"In FY1995, the U.S. Border Patrol formally adopted a strategy known as 'prevention through deterrence.' This strategy calls for deploying Border Patrol agents directly on the border to deter illegal entry outright, rather than attempting to apprehend illegal aliens after they have entered the United States. Congress has supported expanding this strategy by providing the Border Patrol with greater finding and manpower. A key oversight issue for Congress is determining whether this strategy is effective in deterring illegal immigration. The U.S. Border Patrol's primary mission is to secure the 8,000 miles of land and water boundaries of the United States between ports of entry. The Border Patrol's major objectives are to prevent illegal entry into the United States, interdict drug smugglers and other criminals, and compel those persons seeking admission to present themselves legally at ports of entry for inspection. The Border Patrol is an enforcement division of the Immigration and Naturalization Service (INS)-the primary agency in the Department of Justice (DOJ) charged with administering the Immigration and Nationality Act (INA). In contrast to the Border Patrol's mission, INS Inspections and the U. S. Customs Service (a division of the Department of Treasury) share jurisdiction over ports of entry. INS Inspections is responsible for screening travelers seeking admission; the Customs Service is responsible for clearing the entry of goods and merchandise into the country. Under current law, both agencies are cross-designated to enforce each other's respective areas of the law. Further, inspectors from both agencies are cross-designated to enforce federal drug laws."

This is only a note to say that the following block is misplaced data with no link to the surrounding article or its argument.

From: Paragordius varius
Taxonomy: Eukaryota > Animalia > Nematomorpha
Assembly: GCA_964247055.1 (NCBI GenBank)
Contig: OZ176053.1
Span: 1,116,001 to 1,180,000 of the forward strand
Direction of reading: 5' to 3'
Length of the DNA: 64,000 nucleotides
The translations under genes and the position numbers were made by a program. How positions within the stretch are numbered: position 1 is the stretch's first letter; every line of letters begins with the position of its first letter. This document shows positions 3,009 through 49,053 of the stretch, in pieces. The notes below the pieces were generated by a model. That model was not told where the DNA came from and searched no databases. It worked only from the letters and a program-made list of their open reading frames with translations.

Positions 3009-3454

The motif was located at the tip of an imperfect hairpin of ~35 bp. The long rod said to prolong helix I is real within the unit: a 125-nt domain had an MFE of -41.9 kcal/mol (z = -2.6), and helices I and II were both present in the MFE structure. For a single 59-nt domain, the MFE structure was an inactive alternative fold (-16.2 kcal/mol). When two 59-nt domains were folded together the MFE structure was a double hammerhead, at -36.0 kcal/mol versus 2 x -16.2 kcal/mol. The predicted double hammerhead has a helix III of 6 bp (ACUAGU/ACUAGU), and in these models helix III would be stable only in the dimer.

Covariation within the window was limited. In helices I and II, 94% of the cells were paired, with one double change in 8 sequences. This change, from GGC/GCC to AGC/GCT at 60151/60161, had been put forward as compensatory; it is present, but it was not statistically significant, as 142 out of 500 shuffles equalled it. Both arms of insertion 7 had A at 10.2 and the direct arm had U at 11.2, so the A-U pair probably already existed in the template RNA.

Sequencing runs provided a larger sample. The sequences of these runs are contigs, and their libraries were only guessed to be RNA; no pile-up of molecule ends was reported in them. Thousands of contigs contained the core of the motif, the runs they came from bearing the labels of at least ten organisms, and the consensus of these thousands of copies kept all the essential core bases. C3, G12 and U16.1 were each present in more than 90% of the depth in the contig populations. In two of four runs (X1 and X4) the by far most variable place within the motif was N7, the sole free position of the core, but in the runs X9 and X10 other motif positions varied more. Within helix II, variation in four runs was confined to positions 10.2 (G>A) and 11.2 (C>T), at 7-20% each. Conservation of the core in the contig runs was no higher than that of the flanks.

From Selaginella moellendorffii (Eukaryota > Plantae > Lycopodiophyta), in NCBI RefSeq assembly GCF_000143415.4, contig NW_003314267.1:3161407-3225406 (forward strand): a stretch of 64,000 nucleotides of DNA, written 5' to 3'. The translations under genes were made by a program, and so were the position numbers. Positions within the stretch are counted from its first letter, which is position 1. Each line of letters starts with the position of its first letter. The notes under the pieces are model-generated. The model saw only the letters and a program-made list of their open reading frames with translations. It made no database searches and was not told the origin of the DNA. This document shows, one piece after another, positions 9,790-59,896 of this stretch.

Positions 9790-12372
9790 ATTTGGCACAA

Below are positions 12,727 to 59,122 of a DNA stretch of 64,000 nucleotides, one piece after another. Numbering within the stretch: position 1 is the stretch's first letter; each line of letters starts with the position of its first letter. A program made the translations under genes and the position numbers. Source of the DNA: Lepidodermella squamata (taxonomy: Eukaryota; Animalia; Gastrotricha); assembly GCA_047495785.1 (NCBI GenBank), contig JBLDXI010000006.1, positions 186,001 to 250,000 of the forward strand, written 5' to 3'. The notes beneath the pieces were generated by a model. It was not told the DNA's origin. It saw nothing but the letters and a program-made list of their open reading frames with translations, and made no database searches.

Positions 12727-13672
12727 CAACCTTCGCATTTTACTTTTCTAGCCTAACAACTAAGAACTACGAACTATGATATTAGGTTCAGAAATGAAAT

CRS Report for Congress, 97-989